In all ancient cultures, music has been extremely important – whether we consider the Vedic times where devotional songs or “bhajans” were sung in praise of the Gods and Goddesses or whether we consider chanting by the Buddhists and Tibetans in their monasteries. Let us look back to the biblical times and the Church where singing of hymns was a wonderful way to finish a service and leave the parishioners with a feeling of joy on a Sunday morning. We see the same in the Gurudwara or the Mosque. This raises the question of Why?
Why music was considered important for healing by the Ancients?
We can find an explanation of this in modern science – in an article by Vanessa Van Edwards – where she explains that music has been effective in “improving memory function” and “increased rate of healing”. This happens because “music connects with the autonomic nervous system (brain function, blood pressure, and heartbeat) and the limbic system (feelings and emotions).”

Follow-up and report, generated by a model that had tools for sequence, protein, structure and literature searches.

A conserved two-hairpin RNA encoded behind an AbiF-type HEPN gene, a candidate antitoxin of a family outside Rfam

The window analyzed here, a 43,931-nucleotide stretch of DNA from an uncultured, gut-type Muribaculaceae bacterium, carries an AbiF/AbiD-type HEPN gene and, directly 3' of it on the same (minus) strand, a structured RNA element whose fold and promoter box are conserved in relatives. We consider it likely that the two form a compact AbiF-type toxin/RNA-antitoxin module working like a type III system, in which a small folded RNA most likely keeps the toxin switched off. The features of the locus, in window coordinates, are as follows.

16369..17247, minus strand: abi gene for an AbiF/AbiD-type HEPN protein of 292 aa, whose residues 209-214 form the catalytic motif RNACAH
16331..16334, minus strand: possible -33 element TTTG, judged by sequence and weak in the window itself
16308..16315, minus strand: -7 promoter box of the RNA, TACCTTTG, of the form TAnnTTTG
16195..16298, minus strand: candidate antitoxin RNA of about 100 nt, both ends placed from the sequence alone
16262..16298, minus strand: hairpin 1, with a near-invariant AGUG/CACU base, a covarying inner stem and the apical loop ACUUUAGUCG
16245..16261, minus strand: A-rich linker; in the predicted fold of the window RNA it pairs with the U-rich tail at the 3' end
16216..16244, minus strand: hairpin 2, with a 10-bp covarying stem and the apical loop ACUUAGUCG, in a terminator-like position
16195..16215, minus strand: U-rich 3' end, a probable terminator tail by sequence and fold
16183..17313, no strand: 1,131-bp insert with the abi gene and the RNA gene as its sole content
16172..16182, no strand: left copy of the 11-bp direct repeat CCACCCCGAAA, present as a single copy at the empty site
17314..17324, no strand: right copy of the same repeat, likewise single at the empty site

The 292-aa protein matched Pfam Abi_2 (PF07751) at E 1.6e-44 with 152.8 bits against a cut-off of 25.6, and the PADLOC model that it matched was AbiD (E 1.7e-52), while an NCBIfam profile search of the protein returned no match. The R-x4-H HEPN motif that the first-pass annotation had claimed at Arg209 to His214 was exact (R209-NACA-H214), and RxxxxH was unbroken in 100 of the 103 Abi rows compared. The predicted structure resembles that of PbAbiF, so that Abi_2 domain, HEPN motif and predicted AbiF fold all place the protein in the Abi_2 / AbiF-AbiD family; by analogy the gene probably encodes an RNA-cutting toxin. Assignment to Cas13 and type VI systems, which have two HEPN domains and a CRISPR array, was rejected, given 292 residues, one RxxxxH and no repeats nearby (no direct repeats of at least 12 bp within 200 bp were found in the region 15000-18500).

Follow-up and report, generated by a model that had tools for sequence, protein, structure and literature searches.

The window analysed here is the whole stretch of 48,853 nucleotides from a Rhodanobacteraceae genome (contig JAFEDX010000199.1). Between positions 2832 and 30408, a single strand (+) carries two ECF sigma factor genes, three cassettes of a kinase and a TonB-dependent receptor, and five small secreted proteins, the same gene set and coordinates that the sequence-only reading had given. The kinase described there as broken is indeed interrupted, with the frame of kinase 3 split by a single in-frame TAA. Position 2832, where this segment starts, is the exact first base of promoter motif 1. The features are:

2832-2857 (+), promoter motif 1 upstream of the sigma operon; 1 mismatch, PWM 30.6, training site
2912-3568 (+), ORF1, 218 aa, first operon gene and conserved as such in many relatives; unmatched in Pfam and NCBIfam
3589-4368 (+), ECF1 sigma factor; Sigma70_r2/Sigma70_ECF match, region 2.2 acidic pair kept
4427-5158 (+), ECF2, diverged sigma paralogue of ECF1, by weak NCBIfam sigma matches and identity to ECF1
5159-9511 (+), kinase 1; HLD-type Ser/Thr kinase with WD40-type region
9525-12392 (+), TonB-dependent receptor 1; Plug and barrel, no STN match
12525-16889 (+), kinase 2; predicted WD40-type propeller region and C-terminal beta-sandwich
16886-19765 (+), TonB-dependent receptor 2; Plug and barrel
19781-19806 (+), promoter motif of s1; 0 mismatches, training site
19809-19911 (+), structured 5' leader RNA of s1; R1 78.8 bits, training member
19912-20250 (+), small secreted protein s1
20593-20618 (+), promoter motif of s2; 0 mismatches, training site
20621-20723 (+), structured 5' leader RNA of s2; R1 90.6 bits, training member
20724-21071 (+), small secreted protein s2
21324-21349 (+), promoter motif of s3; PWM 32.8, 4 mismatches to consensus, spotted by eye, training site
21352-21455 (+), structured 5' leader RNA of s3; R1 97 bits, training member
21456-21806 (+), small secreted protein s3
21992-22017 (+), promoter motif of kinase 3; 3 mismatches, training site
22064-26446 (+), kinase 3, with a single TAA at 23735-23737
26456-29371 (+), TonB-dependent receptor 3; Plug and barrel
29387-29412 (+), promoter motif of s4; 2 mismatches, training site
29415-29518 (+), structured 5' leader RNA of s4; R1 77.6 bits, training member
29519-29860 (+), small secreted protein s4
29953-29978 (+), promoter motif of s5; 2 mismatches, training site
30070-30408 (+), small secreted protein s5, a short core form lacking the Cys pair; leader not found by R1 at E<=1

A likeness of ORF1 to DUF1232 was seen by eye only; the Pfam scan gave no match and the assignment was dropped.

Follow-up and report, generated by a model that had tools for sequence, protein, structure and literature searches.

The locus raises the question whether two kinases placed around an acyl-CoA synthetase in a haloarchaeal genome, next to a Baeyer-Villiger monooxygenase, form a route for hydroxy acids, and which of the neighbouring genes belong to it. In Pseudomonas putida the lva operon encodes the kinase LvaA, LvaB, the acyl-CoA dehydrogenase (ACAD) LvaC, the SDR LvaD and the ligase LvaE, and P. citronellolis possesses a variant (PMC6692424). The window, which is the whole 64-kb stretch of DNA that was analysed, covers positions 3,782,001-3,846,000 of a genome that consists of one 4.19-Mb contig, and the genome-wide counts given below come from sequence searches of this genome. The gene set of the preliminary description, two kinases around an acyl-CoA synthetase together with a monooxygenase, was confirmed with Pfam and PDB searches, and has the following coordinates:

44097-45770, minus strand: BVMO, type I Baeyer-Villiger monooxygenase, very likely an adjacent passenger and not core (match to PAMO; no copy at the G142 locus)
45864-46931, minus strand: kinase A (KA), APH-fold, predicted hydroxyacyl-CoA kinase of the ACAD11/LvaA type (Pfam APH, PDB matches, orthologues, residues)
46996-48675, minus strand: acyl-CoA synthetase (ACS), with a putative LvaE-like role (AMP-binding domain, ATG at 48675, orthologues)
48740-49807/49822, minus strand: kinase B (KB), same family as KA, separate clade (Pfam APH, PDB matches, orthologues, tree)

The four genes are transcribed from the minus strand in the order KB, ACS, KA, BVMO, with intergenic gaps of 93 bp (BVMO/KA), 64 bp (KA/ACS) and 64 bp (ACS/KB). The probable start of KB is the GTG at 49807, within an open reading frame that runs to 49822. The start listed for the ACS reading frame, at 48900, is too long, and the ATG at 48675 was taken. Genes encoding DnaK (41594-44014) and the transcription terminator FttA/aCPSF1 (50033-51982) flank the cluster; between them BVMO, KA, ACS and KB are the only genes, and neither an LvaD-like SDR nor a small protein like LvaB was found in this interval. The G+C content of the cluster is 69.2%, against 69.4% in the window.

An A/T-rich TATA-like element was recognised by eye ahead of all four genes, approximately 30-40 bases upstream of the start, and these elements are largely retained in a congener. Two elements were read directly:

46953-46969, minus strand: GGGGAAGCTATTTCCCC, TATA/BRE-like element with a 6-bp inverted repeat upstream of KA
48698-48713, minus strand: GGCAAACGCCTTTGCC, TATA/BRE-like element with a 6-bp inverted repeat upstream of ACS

After reading the above research, this wisdom of the ancients started to make a lot of sense. However, I wanted to see how it worked for me personally. This past Sunday I decided to spend about an hour or two singing bhajans in praise of Lord Krishna along with doing the repetitive stating (“jaap”) of the Krishna Maha Mantra [Hare Krishna, Hare Krishna, Krishna Krishna, Hare Hare; Hare Ram, Hare Ram, Ram, Ram, Hare Hare].
After spending this time dedicated to devotional music, I found my heart open with much love and compassion for myself and all in my world. I had a constant smile on my face and felt joyful and light! There was a complete sense of wellbeing and peace in my mind, body, and spirit.
There is definitely much wisdom in the guidance left to us by the Ancients – it would be worth trying out for yourself especially when you have had a trying or stressful week. Namaste.